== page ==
Top of page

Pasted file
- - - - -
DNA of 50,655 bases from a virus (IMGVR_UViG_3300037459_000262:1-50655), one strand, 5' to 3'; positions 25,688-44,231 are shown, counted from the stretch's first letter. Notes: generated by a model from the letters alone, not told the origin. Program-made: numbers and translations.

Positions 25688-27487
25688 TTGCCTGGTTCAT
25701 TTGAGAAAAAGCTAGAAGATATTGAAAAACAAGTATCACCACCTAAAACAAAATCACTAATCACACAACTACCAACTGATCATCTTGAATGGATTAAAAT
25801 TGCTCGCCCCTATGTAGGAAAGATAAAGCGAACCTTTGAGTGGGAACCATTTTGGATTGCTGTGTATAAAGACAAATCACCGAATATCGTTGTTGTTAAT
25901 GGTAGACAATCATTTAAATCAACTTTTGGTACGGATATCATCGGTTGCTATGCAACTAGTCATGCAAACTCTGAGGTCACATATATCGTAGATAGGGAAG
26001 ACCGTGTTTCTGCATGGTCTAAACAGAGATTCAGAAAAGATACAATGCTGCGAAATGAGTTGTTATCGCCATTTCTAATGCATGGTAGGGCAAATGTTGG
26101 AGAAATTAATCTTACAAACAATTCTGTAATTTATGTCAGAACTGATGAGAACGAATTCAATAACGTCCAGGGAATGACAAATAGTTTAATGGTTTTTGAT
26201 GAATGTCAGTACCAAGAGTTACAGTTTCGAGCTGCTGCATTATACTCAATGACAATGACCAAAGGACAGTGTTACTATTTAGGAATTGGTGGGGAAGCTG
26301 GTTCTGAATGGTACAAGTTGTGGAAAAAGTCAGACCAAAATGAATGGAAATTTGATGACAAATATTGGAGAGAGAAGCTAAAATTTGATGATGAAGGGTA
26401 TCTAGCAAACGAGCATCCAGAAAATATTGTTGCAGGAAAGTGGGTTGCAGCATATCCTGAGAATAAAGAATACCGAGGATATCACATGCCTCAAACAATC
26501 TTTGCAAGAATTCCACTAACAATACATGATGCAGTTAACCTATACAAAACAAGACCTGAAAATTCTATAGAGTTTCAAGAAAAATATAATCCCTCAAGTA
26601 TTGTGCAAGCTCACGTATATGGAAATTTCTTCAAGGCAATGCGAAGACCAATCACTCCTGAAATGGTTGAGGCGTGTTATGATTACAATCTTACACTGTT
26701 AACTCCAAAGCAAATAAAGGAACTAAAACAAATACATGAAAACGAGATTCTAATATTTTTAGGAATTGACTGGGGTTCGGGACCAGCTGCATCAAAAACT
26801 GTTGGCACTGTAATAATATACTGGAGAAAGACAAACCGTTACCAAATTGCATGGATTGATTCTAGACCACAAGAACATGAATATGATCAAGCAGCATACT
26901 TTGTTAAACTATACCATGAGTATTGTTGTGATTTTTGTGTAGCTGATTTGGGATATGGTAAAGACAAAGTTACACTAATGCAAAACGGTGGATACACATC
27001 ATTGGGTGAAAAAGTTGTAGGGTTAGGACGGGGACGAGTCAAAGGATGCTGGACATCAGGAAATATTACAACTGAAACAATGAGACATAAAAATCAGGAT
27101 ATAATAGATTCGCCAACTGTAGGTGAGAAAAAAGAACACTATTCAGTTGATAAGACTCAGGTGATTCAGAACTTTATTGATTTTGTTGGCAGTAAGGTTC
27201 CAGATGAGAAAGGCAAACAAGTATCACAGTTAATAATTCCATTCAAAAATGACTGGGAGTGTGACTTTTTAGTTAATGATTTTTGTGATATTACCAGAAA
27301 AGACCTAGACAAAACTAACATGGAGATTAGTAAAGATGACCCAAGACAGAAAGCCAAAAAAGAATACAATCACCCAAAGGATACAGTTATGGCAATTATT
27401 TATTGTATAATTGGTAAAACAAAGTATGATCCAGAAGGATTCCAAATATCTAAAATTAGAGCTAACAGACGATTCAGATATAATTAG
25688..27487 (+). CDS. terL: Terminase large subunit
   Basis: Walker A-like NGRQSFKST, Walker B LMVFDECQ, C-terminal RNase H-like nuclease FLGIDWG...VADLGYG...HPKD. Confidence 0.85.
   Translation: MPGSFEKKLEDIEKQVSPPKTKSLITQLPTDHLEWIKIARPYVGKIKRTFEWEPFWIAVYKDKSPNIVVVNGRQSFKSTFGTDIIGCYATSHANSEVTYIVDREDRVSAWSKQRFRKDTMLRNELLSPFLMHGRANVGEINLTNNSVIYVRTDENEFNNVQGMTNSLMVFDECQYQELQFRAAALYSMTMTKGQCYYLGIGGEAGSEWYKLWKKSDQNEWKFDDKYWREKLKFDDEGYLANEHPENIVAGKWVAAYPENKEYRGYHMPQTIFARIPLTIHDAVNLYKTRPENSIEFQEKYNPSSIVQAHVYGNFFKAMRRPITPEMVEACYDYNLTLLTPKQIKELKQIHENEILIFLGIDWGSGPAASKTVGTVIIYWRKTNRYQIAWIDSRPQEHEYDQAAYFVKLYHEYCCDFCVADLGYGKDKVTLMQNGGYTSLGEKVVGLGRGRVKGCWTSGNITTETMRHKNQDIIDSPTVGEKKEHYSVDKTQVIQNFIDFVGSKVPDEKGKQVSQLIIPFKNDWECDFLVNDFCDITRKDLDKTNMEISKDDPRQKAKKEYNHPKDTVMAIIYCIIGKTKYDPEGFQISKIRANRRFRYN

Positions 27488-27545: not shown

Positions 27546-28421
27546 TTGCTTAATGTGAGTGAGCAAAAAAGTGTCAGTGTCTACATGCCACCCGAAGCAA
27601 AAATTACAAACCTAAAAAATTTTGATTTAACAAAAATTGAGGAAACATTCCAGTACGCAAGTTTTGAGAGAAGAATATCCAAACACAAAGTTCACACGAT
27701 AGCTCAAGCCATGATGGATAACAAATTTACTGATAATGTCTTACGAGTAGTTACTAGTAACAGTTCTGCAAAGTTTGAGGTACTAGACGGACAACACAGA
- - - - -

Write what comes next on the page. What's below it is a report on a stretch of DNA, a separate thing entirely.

For most of the twentieth century, trials involving vicious attacks on African Americans exposed virulent racism in the United States. Courtroom artists have been on hand to capture seminal moments from various trials where biased juries either acquitted the accused or handed out lenient sentences for heinous crimes. Two trials typifying questionable justice were those for the murder of voting rights activist and NAACP leader Vernon Dahmer by members of the Ku Klux Klan in Mississippi and the trial of white vigilante, subway shooter Bernhard Goetz in New York City. By the 1990s, attitudes began to shift and community leaders called for stiffer sentences—as in the case of James Byrd, Jr., an African American who was dragged behind a truck to his death by white supremacists. The case contributed to the creation of the 2009 Matthew Shepard and James Byrd, Jr., Hate Crimes Prevention Act.